thread: 2014-07-19 : Aside: Designing a Bell Curve

On 2014-07-21, Vincent wrote:

Moreno: As you say on G+, a player's point of view vs a designer's. When someone tells me they had a bad time playing my game, I want to know what happened because I want to improve my work as a game designer.

If it turns out that they didn't play my game correctly, I have nothing to learn from them.

Everybody: "If you didn't have fun, you played the game wrong" is a problem in indie RPGs right now. It's actively holding people back, both players and designers. I don't usually call for cultural change, but here, I guess I kind of am!

It's antithetical to the important idea of the good game with a small audience. If you create a good game with a small audience, you should expect many of the people who play it, even play it correctly, to not enjoy it. That's part of what it means to have a small audience.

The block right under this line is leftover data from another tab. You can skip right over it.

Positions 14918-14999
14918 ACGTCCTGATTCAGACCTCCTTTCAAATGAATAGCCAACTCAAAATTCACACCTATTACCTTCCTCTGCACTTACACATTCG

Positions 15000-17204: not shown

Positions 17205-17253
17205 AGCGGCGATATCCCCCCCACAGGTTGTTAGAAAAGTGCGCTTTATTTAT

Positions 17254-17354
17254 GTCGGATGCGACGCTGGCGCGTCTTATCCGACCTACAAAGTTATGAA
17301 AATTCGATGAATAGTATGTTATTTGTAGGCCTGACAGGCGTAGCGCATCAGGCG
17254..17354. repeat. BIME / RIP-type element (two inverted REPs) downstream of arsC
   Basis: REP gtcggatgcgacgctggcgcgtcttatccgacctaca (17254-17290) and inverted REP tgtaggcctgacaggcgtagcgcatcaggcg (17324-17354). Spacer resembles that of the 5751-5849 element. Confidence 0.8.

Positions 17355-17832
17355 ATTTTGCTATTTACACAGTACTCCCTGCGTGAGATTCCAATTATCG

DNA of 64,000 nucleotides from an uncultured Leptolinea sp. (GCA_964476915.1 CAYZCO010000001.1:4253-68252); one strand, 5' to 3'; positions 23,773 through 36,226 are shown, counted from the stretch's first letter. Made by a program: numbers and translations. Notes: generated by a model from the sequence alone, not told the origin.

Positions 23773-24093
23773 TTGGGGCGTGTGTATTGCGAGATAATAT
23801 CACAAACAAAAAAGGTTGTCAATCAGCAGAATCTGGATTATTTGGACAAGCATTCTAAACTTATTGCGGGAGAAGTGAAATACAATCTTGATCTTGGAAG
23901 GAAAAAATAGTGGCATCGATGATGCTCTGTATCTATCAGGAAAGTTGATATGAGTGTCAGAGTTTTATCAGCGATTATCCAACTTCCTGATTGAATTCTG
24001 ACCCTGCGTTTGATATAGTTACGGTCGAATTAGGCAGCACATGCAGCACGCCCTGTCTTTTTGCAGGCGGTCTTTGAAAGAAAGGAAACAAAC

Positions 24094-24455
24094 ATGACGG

It mysticizes the idea of playing a game "right." Playing a game right should just mean following its procedures. Currently, unfortunately, it doesn't just mean that, it means following its procedures with somehow the attitude that the designer intended, or something.

Finally, it blocks and baffles the honest feedback that's possible from a player to a creator. If you play a game and don't enjoy it, and the people around you shout you down with "you must have played wrong," the creator loses the opportunity to learn.


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